Photo Credit: 
Chronicle photo by Cheyenne Belew
The Fletcher First Baptist Church WMU developed a safe system to collect recycled shopping bags and make masks for those who need them.
The Fletcher First Baptist Church WMU developed a safe system to collect recycled shopping bags and make masks for those who need them.

FLETCHER - No one can forget the iconic scene in the movie, “The Three Amigos” when the small Mexican village is threatened by the villain, “El Guapo.”

The Three Amigos ask the peaceful villagers what they are good at in order to see what type of defense they can muster. The humble villagers reply confidently, “We can sew!”

In the past two weeks, the impact of the coronavirus has slowly become clear in Oklahoma, as well as across America. Daily life has changed for all. Big cities and small town alike.

Most fear the outcome of this pandemic and rightly so. Yet, some have gotten past their fears and reached out to those on the front lines of the fight. The question on many people’s mind is, “What can I do to help?"

In Italy, some sang songs out their windows to cheer others. Some played piano or guitar. But in Fletcher, Oklahoma, they can sew!

Mija Atchley is a local resident and longtime volunteer of the Pregnancy Resource Center of Lawton and the Baptist Disaster Relief of Oklahoma.

She has always had a heart for service. When Mija heard medical personnel needed face masks to protect against the coronavirus, she spun into action. Sewing was something she could do and do well.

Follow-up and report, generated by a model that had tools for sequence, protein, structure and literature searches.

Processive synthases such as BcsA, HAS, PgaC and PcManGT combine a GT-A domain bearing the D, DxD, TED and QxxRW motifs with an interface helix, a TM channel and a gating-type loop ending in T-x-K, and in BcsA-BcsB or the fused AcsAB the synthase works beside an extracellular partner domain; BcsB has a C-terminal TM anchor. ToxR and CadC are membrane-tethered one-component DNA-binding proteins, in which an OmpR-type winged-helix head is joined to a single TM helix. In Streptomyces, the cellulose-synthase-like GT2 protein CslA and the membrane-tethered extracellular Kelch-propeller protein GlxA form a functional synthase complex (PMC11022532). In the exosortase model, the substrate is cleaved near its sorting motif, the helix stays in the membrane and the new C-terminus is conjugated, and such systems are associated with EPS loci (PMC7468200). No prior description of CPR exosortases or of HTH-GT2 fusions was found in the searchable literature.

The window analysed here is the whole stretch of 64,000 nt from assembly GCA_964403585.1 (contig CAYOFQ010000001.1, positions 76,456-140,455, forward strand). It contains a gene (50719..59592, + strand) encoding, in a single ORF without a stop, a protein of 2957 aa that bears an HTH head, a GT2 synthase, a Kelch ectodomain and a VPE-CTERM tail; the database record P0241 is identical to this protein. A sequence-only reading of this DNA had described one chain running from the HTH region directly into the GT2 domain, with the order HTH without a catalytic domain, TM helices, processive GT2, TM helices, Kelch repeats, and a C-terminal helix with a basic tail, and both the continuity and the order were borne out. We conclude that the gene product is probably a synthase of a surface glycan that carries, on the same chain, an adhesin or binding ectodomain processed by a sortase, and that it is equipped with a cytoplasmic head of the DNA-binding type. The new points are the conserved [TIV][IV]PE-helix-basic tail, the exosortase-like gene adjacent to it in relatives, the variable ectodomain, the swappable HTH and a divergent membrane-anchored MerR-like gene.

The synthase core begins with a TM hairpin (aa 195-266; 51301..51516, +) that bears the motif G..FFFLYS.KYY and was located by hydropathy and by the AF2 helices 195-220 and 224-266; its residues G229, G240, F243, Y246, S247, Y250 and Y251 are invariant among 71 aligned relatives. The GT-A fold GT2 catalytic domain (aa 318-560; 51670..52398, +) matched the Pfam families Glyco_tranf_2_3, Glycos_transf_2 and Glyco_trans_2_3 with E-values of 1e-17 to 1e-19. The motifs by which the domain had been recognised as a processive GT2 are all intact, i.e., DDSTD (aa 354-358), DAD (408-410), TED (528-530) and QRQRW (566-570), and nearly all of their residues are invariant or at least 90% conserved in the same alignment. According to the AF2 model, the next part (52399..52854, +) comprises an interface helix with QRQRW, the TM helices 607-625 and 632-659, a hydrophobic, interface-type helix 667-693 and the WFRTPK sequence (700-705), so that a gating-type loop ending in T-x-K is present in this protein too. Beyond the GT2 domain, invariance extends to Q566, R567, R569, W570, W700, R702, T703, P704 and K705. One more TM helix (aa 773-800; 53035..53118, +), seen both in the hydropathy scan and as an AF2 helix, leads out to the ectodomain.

Mija, who was born in South Korea, was taught to sew by her mother and has worked as a seamstress in South Korea and in the United States.

She put out a call for help on Facebook. Only one person replied, Vicki Sullivan. But Mija managed to convince several people from the Woman’s Mission Union (WMU) at her church to help.

Mija, Claudia Herrin, Inju Snyder, Jeannette Ambrose, Debbie Ambrose, Jerri Skinner, Debbie Arthur, Paula Parker, all members of Fletcher First Baptist Church, help make the masks.

The WMU is an organization whose goal is to learn about, pray for and support missions around the world. The organization chose to support this cause, giving of their time, talent and money.

Mija researched the best mask online and decided on a pattern. The masks are made of mostly cotton material with an iron-on interfacing to act as a filter.

When they ran out of the interfacing, the women collected recycled shopping bags in a box on Mija’s front porch. People could drop them off without any contact. Mija keeps most of the supplies at her house. She puts together work bags for volunteers to pick up and work on at their own houses in order to heed the social distancing rule.

Claudia Herrin has reached out to several organizations who may need masks. So far, the WMU ladies have made 520 masks and have provided them to personnel at the Anadarko Indian Clinic, Lifeline Home Health Care, Southwestern Hospital, Entrusted Hearts, the Law- ton/Fort Sill Veterans Center, Monte Vista, Fletcher sanitation workers, and employees of William’s Grocery Store in Elgin.

The Veterans Center employees are not authorized to wear the masks. However, the WMU ladies gave them masks anyway so they could wear them when they are off duty. People are extremely thankful to have the masks made by the WMU. They have been a blessing in a time of uncertainty.

The church’s interim pastor, Dennis Dawson, is especially grateful. He received two masks to give to his daughter who is six months pregnant and works as a nurse.

The ladies of the WMU plan to continue to make the masks at least for another week.

If you would like to donate to help the WMU mask project, you can call the church at (580) 549-6256.